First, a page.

Boonsboro chaplain's calling took awhile

October 05, 2007|By MARLO BARNHART

BOONSBORO - Judith Clister will be the first to admit that her path to the ministry was a long and circuitous one - a circumstance she believes was no accident.

Clister, 58, has been chaplain at Fahrney-Keedy Home and Village on Mapleville Road since March. The position is part time, though the duties are many.

After earning her undergraduate degree in elementary education in Ohio, Clister went to Virginia Commonwealth University for her master's degree.

She taught school for a time, and for the past 20 years was a school counselor in Virginia. She also managed to be involved in the ministry as a choir director, and with youth groups and Sunday school.

"I enjoyed teaching, but when you get the call, you get the call," Clister said.

Clister's years in education prepared her well for the ministry. As a counselor, the work she was doing with families was very much a ministry.


Clister had just retired from teaching in 2006 when the position at Fahrney-Keedy opened.

"It's my first chaplaincy ... it's what I always wanted to do," Clister said.

She started a year ago as the interim chaplain under Louis Emerick, who had been chaplain for 15 years or more.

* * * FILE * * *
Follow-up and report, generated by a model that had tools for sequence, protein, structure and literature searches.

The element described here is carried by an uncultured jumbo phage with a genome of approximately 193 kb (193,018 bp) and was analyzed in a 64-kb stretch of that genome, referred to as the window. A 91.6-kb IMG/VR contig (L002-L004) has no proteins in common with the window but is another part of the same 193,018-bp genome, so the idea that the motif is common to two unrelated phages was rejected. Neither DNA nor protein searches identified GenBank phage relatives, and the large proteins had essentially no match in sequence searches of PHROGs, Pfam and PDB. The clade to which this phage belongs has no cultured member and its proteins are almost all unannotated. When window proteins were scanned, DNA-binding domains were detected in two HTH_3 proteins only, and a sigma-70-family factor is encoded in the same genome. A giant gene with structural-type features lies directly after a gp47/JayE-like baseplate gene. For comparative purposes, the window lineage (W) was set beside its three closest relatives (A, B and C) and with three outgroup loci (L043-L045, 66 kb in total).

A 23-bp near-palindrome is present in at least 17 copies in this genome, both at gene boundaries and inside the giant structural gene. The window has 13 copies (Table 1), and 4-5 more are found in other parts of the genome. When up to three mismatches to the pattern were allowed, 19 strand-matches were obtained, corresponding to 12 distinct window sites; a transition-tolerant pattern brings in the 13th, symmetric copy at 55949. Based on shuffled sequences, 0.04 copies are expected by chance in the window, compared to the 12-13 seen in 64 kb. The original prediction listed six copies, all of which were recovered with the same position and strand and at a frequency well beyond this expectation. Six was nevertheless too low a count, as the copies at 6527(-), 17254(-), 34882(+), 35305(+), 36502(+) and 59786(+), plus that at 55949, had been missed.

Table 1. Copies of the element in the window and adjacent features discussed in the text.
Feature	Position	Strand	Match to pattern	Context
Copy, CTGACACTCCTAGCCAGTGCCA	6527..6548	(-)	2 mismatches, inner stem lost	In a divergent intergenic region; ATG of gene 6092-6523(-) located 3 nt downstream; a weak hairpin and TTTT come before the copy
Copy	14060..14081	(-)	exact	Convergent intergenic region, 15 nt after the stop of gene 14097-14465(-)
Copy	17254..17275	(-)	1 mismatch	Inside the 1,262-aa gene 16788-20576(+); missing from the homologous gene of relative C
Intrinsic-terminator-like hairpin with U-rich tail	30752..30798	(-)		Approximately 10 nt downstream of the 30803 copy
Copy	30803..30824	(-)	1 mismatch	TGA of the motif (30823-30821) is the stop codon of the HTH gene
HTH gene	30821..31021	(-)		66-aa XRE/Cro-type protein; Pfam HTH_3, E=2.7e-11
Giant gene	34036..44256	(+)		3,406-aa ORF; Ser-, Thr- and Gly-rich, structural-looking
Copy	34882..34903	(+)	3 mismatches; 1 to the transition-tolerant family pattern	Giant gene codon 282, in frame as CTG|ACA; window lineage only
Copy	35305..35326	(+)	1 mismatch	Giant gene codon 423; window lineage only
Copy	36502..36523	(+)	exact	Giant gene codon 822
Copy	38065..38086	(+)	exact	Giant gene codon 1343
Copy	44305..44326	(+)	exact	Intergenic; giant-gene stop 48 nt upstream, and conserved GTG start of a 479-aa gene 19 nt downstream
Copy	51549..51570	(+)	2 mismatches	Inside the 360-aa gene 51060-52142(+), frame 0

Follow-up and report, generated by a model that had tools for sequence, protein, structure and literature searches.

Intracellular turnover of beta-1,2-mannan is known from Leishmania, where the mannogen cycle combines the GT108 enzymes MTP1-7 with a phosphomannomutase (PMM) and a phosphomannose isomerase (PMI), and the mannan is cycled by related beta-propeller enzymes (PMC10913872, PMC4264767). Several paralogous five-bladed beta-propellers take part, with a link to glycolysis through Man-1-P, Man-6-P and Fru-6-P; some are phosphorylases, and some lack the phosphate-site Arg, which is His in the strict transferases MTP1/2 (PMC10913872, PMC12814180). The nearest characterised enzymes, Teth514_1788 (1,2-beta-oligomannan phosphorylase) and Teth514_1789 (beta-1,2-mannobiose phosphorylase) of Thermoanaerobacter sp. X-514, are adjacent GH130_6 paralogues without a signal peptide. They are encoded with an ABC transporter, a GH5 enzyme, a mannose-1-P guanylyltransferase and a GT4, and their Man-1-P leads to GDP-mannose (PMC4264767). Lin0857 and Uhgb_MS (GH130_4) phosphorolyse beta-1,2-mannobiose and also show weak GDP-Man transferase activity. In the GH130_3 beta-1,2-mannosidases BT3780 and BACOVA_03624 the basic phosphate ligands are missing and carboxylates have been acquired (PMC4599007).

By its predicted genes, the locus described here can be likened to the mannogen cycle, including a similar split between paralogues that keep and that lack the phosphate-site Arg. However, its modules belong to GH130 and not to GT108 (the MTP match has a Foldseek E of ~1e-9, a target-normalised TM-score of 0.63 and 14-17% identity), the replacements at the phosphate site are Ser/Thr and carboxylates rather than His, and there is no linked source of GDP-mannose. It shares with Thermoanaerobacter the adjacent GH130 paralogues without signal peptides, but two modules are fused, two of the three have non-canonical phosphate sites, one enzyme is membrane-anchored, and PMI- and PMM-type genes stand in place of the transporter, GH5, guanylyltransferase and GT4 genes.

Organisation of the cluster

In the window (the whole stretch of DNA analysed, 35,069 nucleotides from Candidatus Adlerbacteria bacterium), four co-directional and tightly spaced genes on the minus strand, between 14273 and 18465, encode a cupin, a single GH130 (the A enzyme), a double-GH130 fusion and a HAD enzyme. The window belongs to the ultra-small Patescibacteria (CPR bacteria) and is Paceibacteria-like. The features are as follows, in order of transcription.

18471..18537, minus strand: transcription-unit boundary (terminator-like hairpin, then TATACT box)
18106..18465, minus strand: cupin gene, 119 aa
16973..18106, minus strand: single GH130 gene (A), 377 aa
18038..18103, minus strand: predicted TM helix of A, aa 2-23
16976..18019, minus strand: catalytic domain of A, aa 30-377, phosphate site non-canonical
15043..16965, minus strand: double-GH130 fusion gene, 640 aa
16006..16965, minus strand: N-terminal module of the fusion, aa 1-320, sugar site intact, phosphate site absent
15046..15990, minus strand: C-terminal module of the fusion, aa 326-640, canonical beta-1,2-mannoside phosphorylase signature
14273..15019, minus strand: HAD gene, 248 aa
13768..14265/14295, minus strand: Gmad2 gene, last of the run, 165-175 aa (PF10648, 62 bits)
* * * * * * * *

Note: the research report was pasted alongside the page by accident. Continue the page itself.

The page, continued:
Still a resident at Fahrney-Keedy, Emerick is retired.

Clister was licensed in 2004 through the Church of the Brethren. That licensure is renewable annually, and the process involves her taking classes and attending seminary.

Clister is doing some of that work online at Bethany Seminary and Eastern Mennonite University.

"I never saw myself in a pulpit," Clister said.

But in her work at Fahrney-Keedy, she holds Sunday services at 10 a.m. and vespers Wednesdays at 4 p.m.

As chaplain, Clister is called upon to meet the spiritual needs of the 200 residents, which might take the form of praying and reading scripture, or listening and laughing with them.

She hears that the residents are thankful she is there for them.

"I'm like a secondary pastor - the residents' own pastors minister to them, too," Clister said.

Clister said she loves the wisdom and fun she shares with residents, and she is amazed by the diversity of opinions they have.

"They aren't all traditional in their thinking," she said.

Clister said there are two male residents in their 90s who have told her they are voting for Hillary Clinton for president.

"They said they are voting for her because the men (presidents) have messed things up," Clister said.

When she is not busy with her chaplain duties, Clister said she enjoys the outdoors - camping, hiking, biking and gardening.

Fahrney-Keedy Home and Village is a continuing-care retirement community that provides care through a broad range of services for those 60 and older.

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